|US6411744||Oct 15, 1998||Jun 25, 2002||Electric Planet, Inc.||Method and apparatus for performing a clean background subtraction|
|US6417836||Aug 2, 1999||Jul 9, 2002||Lucent Technologies Inc.||Computer input device having six degrees of freedom for controlling movement of a three-dimensional object|
|US6441825||Oct 4, 1999||Aug 27, 2002||Intel Corporation||Video token tracking system for animation|
|US6473516||May 21, 1999||Oct 29, 2002||Asa Systems, Inc.||Large capacity steganography|
|US20020085097 *||Dec 22, 2000||Jul 4, 2002||Colmenarez Antonio J.||Computer vision-based wireless pointing system|
|1||"The Tracking Cube: A Three-Dimentional Input Device", IBM Technical Disclosure Bulletin, Aug. 1, 1989, pp. 91-95, No. 3B, IBM Corp.New York, U.S.|
|2||Fiala, et al., "A Panoramic Video and Acoustic Beamforming Sensor for Videoconferencing", 2004 IEEE, Computational Video Group, National Research Council, Ottawa, Canada KlA 0R6.|
|3||Gvili, et al., "Depth Keying", SPIE vol. 5006 (2003), 2003 SPIE-IS&T, pp. 564-574 (031).|
|4||Hemmi, et al., "3-D Natural Interactive Interface-Using Marker Tracking from a Single View",Sep. 9, 1991, Systems and Computers in Japan.|
|5||Iddan, et al., "3D Imaging in the Studio (and Elsewhere . . . )", Proceedings of the SPIE, SPIE, Bellingham, VA, US, Vol. 4298, Jan. 24, 2001, pp. 48-55, XP008005351.|
|6||Jojic, et al., "Tracking Self-Occluding Articulated Objects in Dense Disparity Maps", Computer Vision, 1999, The Proceedings fo the Seventh IEEE International Conference on Kerkyra, Greece Sep. 20-27, 1999, Los Alamitos, CA, US, IEEE Computer Society, US, Sep. 20, 1999, pp. 123-130.|
|7||K. B. Shimoga, et al., "Touch and Force Reflection for Telepresence Surgery", Engineering in Medicine and Biology Opportunities of the IEEEE, Baltimore, MD, USA, Nov. 3, 1994, New York, New York, USA, pp. 1049-1050.|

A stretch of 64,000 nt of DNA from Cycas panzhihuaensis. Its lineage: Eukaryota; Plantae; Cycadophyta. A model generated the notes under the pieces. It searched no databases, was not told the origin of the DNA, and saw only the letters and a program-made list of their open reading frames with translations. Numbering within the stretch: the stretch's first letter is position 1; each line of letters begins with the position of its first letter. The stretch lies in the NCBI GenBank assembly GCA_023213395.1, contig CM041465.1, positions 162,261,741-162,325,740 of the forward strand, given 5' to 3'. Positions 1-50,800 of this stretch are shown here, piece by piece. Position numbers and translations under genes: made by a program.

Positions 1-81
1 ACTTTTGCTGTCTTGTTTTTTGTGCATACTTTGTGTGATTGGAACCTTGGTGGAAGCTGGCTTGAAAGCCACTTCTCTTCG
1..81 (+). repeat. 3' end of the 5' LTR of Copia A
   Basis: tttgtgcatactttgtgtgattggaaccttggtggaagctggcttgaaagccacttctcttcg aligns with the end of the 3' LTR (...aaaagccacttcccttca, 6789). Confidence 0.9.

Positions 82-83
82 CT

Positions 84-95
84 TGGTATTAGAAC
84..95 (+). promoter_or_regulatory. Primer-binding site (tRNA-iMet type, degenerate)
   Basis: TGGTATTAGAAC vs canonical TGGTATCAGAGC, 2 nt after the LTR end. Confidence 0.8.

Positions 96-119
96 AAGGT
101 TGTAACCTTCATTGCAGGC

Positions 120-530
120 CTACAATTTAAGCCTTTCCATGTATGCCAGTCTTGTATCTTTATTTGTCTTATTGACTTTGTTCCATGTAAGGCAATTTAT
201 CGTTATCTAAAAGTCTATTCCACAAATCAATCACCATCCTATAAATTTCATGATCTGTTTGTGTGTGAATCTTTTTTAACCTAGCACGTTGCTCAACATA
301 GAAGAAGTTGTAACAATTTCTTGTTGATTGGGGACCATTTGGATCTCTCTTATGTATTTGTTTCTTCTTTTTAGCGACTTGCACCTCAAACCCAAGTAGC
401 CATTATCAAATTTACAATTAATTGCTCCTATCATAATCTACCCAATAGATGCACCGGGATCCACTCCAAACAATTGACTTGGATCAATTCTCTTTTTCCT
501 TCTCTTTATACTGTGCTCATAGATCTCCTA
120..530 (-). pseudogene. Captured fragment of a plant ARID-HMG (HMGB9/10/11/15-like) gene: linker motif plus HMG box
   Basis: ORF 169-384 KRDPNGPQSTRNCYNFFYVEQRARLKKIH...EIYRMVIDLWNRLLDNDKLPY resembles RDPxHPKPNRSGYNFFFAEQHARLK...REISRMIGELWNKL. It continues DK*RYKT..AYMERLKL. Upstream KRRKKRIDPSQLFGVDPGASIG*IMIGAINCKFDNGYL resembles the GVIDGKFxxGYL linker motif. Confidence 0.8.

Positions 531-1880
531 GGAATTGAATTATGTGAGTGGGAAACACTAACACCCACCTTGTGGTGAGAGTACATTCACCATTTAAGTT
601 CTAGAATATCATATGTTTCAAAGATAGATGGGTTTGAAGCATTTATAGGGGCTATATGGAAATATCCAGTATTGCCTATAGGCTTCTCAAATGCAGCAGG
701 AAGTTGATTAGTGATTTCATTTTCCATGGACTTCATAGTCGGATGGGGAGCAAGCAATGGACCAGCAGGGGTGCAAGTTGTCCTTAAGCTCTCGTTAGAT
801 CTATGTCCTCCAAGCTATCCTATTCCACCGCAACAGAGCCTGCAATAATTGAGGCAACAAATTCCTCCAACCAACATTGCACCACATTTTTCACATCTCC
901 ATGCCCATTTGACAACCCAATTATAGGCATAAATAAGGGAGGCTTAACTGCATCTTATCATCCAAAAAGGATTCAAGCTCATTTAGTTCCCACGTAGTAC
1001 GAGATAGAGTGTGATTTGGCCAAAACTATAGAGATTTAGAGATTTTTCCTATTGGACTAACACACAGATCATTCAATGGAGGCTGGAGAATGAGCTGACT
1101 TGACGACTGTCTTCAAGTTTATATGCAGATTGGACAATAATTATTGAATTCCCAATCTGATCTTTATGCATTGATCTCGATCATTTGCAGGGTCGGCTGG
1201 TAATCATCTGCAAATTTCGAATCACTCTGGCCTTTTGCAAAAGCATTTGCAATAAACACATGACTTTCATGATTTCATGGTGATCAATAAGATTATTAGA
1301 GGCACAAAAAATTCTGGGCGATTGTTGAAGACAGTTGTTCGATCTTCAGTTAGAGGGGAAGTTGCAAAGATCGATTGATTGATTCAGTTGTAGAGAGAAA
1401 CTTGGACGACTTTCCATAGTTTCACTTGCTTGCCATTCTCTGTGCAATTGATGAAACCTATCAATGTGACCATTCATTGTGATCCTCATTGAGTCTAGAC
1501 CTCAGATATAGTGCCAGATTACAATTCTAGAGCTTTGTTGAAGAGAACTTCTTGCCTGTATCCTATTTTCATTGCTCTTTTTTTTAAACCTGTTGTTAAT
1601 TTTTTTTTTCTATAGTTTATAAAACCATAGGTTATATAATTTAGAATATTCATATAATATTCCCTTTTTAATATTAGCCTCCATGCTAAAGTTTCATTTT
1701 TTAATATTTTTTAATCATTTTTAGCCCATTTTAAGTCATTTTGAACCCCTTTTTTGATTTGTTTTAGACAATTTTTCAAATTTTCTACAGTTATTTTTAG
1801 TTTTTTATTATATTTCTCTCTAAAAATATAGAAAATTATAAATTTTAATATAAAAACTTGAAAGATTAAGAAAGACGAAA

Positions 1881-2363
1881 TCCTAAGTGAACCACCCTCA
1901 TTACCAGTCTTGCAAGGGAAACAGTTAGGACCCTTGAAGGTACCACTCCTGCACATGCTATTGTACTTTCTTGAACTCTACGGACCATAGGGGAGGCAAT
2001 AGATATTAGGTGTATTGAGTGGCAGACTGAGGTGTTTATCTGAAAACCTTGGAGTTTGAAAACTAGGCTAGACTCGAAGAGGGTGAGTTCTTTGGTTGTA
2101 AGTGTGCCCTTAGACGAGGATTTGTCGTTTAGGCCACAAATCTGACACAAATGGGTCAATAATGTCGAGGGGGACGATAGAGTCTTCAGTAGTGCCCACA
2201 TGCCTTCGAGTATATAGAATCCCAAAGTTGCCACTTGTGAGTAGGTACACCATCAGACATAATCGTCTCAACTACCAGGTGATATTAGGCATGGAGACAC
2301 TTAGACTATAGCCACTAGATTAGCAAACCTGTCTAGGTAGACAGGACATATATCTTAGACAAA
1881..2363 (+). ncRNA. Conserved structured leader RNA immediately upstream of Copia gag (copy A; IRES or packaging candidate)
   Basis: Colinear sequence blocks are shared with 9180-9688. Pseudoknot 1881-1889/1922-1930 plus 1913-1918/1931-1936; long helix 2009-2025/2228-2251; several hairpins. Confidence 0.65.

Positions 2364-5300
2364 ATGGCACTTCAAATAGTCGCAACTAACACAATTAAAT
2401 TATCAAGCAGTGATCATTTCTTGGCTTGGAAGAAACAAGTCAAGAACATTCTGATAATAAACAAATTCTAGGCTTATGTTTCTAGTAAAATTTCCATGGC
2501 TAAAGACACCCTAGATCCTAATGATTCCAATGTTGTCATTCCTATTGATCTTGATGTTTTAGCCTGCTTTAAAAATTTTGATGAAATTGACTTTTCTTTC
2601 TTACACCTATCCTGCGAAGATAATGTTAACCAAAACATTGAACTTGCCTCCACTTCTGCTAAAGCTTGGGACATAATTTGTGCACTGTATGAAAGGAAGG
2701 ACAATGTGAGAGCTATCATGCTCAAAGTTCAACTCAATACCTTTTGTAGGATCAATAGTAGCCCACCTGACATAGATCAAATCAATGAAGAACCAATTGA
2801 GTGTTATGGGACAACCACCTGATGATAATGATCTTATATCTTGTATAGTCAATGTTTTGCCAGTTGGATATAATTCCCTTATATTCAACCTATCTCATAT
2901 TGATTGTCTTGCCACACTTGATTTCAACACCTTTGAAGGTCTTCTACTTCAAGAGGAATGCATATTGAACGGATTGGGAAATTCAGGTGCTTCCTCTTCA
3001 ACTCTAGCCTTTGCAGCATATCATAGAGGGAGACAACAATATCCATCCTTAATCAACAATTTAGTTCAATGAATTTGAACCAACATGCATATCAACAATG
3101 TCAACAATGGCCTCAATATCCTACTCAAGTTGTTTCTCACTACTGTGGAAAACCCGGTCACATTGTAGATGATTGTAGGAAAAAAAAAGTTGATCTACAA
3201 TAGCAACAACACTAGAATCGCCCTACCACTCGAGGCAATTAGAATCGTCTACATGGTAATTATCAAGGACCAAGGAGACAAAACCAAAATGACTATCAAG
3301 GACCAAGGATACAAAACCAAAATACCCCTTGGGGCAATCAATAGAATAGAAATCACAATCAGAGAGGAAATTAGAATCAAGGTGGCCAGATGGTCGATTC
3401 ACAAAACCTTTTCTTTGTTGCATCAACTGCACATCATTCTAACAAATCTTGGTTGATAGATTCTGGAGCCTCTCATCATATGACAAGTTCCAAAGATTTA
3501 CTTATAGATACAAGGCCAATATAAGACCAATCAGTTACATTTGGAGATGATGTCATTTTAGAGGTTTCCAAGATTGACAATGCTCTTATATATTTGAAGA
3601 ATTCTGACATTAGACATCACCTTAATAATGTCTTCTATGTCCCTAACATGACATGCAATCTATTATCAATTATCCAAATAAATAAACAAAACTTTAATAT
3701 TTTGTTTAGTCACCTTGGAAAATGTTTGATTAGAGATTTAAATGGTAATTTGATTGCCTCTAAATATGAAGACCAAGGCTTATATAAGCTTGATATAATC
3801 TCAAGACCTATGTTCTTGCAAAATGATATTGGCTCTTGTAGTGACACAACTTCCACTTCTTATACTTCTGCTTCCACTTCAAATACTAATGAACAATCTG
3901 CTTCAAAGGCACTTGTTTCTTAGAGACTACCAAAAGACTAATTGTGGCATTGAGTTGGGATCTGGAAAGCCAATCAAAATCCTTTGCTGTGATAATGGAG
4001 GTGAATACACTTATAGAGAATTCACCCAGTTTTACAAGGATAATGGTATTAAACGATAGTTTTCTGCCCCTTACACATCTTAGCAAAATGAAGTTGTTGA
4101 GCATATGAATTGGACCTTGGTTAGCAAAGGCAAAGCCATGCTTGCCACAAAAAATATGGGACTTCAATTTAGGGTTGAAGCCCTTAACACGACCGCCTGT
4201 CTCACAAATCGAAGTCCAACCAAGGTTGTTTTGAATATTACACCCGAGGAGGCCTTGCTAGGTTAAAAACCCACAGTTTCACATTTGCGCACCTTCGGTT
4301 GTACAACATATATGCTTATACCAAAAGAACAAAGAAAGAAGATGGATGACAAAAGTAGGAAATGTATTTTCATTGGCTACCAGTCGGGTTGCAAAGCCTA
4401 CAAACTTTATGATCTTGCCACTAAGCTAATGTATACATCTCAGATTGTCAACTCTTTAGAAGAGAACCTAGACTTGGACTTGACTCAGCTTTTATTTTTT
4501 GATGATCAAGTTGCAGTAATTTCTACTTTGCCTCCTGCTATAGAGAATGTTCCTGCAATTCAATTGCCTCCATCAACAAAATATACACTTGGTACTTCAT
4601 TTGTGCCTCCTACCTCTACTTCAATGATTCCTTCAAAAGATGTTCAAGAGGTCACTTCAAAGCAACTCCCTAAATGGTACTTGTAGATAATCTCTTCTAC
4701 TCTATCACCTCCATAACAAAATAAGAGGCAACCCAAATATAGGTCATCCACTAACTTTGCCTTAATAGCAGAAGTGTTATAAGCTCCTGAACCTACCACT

|8||Kanade, et al., "A Stereo Machine for Video-rate Dense Depth Mapping and Its New Application" 1996, CVPR 96, IEEE Computer Society Conference, pp. 196-202 (022).|
|9||Klinker, et al., "Distributed User Tracking Concepts for Augmented Reality Applications", pp. 37-44, Augmented Reality, 2000, IEEE and ACM Int'l Symposium, Oct. 2000, XP010520308, ISBN: 0/7695-0846-4, Germany.|
|10||Mihara, et al., "A Realtime Vision-Based Interface Using Motion Processor and Applications to Robotics", vol. J84-D-11, No. 9, pp. 2070-2078, Sep. 2001, Japan.|
|11||Nakagawa, et al., "A Collision Detection and Motion Image Synthesis Between a Background Image and a Foreground 3-Dimensional Object", TVRSJ Bol. 4, No. 2, pp. 425-430, 1999, Japan.|
|12||Nakamura, et al., "A Consideration on Reconstructing 3-D Model Using Object Views", 2004-01601-003, pp. 17-21, Kokkaido University, Japan, email@example.com.|
|13||Nishida, et al., "A Method of Estimating Human Shapes by Fitting the Standard Human Model to Partial Measured Data", D-II vol. J84-D-II, No. 7, pp. 1310-1318, Jul. 2001.|
|14||Wilson & Darrell, "Audio-Video Array Source Localization for Intelligent Environments", 2002 IEEE Dept. Of Electrical Eng and Computer Science, MIT, Cambridge, MA 02139.|
|Citing Patent||Filing date||Publication date||Applicant||Title|